Their branding is minimalist. You order razor blades, and they come in a light brown cardboard box. The razor itself is styled to look more old fashioned. And they sell shaving cream and the brush to apply it, the way it was done in barbershops 50 years ago.
Their name is on everything; their colors are consistent, their communications are low-key. They anticipate when you might be running out blades, cream, after-shave, and other supplies. They also wrote a decent guide to the best trimmer results which can be found online. One of their messages is: “We were surprised when we discovered how inexpensively you can make a good razor blade.” This doesn’t directly shame the competition, but it targets people who are tired of buying razor blades for $3-$4 each. It does give honorable mentions to the top rated trimmer for long beards from time to time but their main specialty is razor blades, of course. Instead of heavy marketing, Harry’s keeps a light touch. It’s kind of like going back to a simpler time.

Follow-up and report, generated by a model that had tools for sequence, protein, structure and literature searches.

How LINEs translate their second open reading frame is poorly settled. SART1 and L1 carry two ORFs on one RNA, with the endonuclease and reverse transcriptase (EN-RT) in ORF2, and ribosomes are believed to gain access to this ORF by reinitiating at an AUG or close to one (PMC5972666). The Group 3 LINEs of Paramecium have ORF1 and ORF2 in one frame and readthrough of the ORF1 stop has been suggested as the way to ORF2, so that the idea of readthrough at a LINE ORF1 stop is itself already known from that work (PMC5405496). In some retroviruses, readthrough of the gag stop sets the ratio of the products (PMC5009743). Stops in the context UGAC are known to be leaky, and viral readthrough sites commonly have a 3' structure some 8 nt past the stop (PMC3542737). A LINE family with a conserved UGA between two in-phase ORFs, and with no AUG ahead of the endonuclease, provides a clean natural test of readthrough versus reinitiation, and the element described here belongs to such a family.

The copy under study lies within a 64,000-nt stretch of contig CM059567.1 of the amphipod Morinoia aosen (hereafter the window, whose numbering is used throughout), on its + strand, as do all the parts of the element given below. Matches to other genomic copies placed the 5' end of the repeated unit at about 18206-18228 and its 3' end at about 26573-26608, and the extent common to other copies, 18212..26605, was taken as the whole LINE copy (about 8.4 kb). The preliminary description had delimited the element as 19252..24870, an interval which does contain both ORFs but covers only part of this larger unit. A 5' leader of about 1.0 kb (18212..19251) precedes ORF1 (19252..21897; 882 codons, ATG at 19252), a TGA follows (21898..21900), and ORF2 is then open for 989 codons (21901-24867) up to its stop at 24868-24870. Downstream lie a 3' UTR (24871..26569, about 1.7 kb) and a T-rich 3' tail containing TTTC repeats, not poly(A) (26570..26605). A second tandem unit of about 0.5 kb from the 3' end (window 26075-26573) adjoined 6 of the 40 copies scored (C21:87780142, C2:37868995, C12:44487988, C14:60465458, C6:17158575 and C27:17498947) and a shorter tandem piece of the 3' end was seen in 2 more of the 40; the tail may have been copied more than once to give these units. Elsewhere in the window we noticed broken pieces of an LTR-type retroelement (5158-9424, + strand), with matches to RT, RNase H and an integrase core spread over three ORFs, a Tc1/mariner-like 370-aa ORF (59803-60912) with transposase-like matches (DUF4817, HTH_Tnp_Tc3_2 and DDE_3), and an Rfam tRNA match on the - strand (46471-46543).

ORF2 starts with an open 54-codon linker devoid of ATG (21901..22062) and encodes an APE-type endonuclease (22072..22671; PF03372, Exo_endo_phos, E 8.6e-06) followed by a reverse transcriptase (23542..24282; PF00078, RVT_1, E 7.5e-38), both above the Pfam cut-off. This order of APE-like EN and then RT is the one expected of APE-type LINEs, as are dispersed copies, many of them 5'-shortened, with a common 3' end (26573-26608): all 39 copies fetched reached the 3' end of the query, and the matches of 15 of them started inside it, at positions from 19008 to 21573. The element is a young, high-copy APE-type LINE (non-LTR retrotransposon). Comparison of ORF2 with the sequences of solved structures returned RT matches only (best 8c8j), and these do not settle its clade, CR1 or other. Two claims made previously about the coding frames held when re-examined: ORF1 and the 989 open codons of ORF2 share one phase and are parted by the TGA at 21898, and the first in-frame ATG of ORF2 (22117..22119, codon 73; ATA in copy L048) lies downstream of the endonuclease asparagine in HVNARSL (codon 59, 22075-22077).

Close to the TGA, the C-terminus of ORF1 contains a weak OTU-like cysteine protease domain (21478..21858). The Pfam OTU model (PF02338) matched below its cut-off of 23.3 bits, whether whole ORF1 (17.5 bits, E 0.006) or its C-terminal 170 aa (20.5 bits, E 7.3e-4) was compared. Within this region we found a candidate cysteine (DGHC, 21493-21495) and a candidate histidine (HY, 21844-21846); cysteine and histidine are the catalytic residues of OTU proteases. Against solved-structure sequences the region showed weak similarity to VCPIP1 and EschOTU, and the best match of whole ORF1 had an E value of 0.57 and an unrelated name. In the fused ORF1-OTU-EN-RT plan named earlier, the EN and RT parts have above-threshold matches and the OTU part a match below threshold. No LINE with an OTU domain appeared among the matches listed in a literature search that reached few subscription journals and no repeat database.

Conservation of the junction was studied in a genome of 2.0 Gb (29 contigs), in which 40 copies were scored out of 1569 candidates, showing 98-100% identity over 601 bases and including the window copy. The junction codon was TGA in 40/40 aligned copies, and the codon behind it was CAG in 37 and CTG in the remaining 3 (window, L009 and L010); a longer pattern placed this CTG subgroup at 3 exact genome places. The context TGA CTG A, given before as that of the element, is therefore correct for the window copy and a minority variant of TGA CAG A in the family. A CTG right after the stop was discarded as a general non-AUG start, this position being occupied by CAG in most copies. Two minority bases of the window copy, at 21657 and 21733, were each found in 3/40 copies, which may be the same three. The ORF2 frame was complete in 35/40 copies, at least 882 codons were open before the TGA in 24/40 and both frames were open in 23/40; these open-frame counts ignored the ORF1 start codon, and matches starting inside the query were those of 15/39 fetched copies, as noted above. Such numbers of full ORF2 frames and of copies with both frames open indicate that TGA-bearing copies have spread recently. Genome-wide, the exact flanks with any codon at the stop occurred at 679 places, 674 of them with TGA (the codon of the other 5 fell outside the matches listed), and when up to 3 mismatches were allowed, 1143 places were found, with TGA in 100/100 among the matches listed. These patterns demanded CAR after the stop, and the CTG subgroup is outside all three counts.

Rebranding a Website Alignment in Action: Madewell
Another brand that’s hitting a creative rebranding home run is Madewell. Part of the J.Crew family, Madewell opened its doors in 2006 with the branding philosophy, Good Days Start with Great Jeans. With the dream of becoming the Levi’s for the millennial market, Madewell goes the extra mile to ensure a good fit, a beautiful brand experience and a happy, loyal customer. Let’s break down how this brand does an excellent job with brand alignment, execution, and extension.
The Company Name: Madewell
As we mentioned earlier in our rebranding process, if you have the opportunity to re-name your company, this can be a big brand advantage. Madewell, for example, communicates quality and craftsmanship. It’s a name that speaks to both the DIYers and burgeoning Etsy community as well as advocates of the Maker Movement (a millennial movement that values craftsmanship, hand-made products and an artisanal-style, small batch approach to manufacturing.)